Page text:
Four Canadians suspected of marijuana smuggling were arrested Thursday
morning as they tried to unload a barge on Deception Pass State Park land
fronting Cornet Bay.

Police found 15 big cardboard moving boxes stored in the hold of the small
barge, which had been pushed ashore by a small tug. The boxes contained 446
pounds of marijuana in 374 plastic bags.

The tug, named Delta Fox, and the barge were both registered in British
Columbia, according to police at the scene. There were three men in the tug.

A yellow Penske rental truck had been backed up to the shoreline to accept
the delivery. The truck driver was seized.

State Trooper Scott Wernecke said a U.S. Customs agent opened one of the
cardboard boxes and identified the contents as 20 to 25 pounds of Canadian
marijuana, known in law enforcement circles as BC Bud.

Not all of the boxes were opened, however. They had been removed from the
barge and stored in the Penske truck. An officer with a drug-sniffing
German shepherd went over the unopened boxes.

Deception Pass Park Manager Bill Overbee said suspicions were aroused at
about 7 a.m. Thursday when park staffers wondered why an apparent
commercial operation was taking place on park land.

"Commercial use at a parks facility is not sanctioned," he said.

Overbee dispatched Rangers J.L. Aggergaard and Henk Sikkenga to investigate.

"The park's marine guy saw it coming in," Ranger Aggergaard said of the tug
and barge. "A commercial vessel in a state park -- it was kind of 'off'.' "

The marine guy was aboard the park's maintenance boat, the Thunderbird.

Aggergard said the suspects caused no problems when approached.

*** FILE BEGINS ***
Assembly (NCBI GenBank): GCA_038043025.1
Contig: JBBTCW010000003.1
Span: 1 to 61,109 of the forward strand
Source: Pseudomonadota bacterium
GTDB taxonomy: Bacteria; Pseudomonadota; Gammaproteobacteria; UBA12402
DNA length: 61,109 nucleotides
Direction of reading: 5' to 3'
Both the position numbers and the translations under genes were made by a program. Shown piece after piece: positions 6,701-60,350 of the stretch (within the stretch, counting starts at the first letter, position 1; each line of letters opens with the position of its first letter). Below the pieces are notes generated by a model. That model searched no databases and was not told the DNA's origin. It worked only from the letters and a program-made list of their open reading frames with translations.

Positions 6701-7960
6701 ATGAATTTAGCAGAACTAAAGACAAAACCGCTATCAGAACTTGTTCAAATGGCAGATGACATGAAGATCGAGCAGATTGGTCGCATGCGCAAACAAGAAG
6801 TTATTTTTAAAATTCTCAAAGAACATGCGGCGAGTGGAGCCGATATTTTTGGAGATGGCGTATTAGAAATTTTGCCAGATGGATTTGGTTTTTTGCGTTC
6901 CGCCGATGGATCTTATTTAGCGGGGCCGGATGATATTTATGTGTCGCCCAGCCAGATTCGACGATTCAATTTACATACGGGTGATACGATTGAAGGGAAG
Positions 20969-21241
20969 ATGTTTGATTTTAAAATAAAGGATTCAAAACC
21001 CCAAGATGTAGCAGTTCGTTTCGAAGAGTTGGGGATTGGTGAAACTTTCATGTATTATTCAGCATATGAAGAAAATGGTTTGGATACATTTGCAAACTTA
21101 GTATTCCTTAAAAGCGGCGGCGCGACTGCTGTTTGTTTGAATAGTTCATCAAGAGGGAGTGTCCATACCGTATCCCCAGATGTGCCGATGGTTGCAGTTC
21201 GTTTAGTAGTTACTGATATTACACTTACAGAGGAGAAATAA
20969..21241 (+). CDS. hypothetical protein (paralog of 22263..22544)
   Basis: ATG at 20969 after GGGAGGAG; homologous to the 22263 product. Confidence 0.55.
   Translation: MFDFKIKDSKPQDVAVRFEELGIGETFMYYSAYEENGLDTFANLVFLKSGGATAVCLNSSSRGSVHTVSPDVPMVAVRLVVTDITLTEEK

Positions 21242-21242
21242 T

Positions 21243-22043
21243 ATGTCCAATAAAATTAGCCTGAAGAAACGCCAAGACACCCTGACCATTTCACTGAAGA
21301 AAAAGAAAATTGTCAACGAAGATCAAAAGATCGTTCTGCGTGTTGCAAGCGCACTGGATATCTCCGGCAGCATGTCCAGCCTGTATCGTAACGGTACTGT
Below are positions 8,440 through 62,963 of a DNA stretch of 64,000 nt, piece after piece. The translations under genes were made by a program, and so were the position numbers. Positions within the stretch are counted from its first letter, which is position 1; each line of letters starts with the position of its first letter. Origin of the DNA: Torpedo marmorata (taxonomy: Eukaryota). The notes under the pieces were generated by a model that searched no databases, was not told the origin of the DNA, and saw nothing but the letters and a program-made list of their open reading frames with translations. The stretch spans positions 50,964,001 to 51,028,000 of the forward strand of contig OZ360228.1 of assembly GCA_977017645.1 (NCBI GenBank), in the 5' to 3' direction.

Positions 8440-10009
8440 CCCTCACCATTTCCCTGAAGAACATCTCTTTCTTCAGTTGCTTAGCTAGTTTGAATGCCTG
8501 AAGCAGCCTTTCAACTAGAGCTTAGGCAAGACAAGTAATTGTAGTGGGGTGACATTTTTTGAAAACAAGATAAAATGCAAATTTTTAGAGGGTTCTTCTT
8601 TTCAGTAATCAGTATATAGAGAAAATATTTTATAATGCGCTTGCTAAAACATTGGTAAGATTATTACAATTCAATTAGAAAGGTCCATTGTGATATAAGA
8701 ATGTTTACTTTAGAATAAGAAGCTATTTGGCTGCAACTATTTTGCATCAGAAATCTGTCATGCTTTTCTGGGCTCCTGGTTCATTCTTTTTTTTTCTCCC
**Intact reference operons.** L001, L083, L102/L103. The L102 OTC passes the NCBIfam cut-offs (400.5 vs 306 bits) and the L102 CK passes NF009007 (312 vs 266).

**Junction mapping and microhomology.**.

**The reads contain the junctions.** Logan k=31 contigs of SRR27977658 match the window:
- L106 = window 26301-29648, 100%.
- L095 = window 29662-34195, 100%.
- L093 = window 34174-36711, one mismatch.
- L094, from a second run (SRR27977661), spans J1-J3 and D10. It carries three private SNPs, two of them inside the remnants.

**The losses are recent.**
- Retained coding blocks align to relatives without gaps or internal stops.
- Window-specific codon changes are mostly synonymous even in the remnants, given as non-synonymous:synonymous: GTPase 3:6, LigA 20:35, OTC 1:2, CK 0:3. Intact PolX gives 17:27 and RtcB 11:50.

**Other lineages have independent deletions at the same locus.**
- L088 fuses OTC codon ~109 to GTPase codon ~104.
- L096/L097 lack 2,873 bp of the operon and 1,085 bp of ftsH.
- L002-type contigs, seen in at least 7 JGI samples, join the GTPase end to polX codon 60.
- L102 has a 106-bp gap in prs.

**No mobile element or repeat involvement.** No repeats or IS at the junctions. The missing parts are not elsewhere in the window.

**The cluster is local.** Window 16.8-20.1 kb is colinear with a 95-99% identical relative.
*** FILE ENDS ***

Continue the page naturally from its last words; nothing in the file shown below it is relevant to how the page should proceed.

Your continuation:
"They were pretty cooperative, but their stories didn't match up," he said.

The rangers called dispatch which alerted appropriate authorities.

By 9 a.m., the suspects were being held in the back seats of police cars.
Officers from the Island County Sheriff's Office, State Patrol, U.S.
Customs, and other agencies were present. A number of undercover agents in
plain clothes milled around the scene. A few nearby residents looked on
curiously as did several anglers fishing from a public dock not far from
where the barge hit the beach.

All four suspects were taken to the Oak Harbor jail later that morning.

"They used our facility to hold all four and do interviews," said Police
Captain Rick Wallace.

U.S. Customs agents took the suspects away later in the day to a jail
facility in Seattle.

On Friday afternoon in in U.S. District Court in Seattle, the four men were
charged with possession of marijuana with intent to distribute and
importation of marijuana. Suspects Edward Guy Bolderson, 63, Mark Edward
Bolderson, 40, Guy Cameron Crawford, 42, and Peter Francis Mitchell, 34 are
all being held in jail.

According to the charging documents, one of the men threw a piece of paper
into the brush. Island County Sheriff's Deputy Rick Norrie retrieved it and
found that it listed the names of several individuals the men were going to
meet in Oak Harbor.

Plenty of BC Bud is coming into the U.S. from Canada, by land and by sea.
Peg Fearson, a U.S. Customs inspector in Blaine, said that since October
2001, two tons of BC Bud have been found hidden in commercial trucks trying
to cross the border at Blaine.

"The wholesale value of two tons of this high potency BC Bud is
approximately $12 million," she wrote in an article posted in January on
the Customs Web site.

The Cornet Bay haul was about one-tenth of that, so the value may be around
to $1.2 million.


Newshawk: Herb
Pubdate: Wed, 20 Mar 2002
Source: South Whidbey Record
Website: http://www.southwhidbeyrecord.com/
P.O. Box 387, Langley WA 98260
Contact: editor@southwhidbeyrecord.com
Author: Jim Larsen